Today in Parliament I hosted the launch of the Disability Benefits Consortium’s (DBC) report on the impact welfare changes have had on disabled people. Welfare is supposed to be a safety net for disabled people and should be a swift, responsive, supportive framework for anyone who needs it but especially disadvantaged disabled people. But the research from the 80 organisations in the DBC shows disabled people have lost £1,200 per year on average due to changes to the welfare system. This is shocking and unacceptable given the higher costs of living disabled people routinely experience and the additional barriers faced.
Before I was elected in 2015 I worked for disability rights organisations exposing the risks of Cameron and Clegg’s cuts. After nine years of ‘austerity’ disabled people have been the target for repeated, excessive and pernicious measures.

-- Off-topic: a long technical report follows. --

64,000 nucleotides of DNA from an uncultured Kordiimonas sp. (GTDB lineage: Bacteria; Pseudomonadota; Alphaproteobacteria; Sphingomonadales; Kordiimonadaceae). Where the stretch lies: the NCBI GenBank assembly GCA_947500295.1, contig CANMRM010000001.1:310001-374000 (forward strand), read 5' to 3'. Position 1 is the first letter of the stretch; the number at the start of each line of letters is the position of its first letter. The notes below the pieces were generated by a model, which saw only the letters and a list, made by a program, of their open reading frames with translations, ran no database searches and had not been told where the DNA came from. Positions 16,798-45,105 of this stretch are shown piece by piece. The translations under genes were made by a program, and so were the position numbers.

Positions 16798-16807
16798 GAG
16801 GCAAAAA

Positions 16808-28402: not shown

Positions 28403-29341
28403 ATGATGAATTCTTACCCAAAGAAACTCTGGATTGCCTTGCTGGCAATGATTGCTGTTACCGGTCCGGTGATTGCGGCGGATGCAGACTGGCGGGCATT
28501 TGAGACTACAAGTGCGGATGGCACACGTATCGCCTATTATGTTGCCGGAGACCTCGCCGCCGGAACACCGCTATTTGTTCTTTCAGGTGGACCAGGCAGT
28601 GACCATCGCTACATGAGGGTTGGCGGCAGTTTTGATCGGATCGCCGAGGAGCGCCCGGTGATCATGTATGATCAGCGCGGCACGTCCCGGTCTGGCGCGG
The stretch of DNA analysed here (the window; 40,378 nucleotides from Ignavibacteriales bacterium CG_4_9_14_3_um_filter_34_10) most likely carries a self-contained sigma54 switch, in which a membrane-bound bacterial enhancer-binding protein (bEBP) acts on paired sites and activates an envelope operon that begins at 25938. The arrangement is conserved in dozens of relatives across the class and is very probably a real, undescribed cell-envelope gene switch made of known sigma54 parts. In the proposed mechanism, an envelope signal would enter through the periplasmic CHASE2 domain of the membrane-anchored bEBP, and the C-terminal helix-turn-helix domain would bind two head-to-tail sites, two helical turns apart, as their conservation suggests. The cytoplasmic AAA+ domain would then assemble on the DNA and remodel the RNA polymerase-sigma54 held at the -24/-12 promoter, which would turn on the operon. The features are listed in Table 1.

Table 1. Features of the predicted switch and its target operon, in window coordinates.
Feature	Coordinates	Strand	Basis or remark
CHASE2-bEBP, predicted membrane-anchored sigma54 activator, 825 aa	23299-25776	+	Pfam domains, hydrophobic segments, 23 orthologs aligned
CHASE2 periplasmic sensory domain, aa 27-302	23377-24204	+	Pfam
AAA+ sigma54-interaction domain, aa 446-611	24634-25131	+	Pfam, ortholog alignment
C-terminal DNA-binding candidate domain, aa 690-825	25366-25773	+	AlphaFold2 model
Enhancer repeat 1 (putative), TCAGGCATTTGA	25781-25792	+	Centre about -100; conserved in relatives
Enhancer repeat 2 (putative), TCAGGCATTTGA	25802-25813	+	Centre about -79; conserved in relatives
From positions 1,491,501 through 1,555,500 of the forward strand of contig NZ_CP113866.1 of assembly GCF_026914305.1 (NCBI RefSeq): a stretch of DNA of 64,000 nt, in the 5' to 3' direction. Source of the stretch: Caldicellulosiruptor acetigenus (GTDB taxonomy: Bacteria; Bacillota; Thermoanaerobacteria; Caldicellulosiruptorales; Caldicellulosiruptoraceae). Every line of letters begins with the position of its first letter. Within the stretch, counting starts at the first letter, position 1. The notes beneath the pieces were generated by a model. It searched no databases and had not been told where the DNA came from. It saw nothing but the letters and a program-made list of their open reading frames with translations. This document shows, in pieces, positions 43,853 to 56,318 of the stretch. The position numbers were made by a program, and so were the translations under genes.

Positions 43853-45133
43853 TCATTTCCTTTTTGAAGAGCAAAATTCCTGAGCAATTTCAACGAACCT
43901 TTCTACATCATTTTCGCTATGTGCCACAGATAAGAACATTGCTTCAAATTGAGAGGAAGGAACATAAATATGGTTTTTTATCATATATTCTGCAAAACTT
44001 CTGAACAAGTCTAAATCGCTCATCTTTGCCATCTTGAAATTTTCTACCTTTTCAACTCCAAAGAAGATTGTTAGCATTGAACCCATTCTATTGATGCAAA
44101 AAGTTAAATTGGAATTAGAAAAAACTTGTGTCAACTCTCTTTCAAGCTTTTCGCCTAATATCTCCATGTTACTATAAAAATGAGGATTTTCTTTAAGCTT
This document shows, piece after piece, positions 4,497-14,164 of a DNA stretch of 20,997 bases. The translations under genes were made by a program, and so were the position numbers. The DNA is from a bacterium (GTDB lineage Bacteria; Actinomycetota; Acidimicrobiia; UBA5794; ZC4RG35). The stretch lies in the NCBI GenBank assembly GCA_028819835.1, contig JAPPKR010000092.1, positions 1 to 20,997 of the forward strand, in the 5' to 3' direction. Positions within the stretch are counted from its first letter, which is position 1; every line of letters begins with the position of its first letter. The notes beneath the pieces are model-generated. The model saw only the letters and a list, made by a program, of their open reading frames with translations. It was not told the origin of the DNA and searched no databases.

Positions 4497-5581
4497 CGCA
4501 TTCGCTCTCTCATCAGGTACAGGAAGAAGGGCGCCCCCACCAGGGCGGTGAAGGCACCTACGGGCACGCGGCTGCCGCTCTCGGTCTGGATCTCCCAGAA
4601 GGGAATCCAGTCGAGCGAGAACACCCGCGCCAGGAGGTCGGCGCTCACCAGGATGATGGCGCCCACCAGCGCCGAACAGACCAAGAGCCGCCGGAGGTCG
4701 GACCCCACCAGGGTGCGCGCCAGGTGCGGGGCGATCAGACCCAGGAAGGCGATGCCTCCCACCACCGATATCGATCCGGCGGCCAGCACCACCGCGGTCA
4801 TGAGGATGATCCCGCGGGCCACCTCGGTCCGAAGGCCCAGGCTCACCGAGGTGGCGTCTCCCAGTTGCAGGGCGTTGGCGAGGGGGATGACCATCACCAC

Personal Independence Payments replaced Disability Living Allowance and were designed to cut spending on and support for disabled people. Universal Credit, which replaced several benefits, also came with wired-in cuts for over 400,000 disabled people. The DBC report found that the more health conditions or impairments someone has, the more support they have lost since 2010. For families with at least one disabled adult and one disabled child the average loss was an appalling £4,300 per year.
The DBC report sadly confirms that the approach to welfare since Labour left office in 2010 has utterly let down those most in need, and overwhelmingly failed to deliver the aims Ministers have claimed to be seeking. The National Audit Office says the new system costs more to run and that DWP has no evidence its changes have helped anyone into work.
The DBC research contains important recommendations which I will be taking forward in Parliament. This includes rebuilding a disability premium into Universal Credit. I will continue to work with disability and welfare rights organisations to take up their concerns.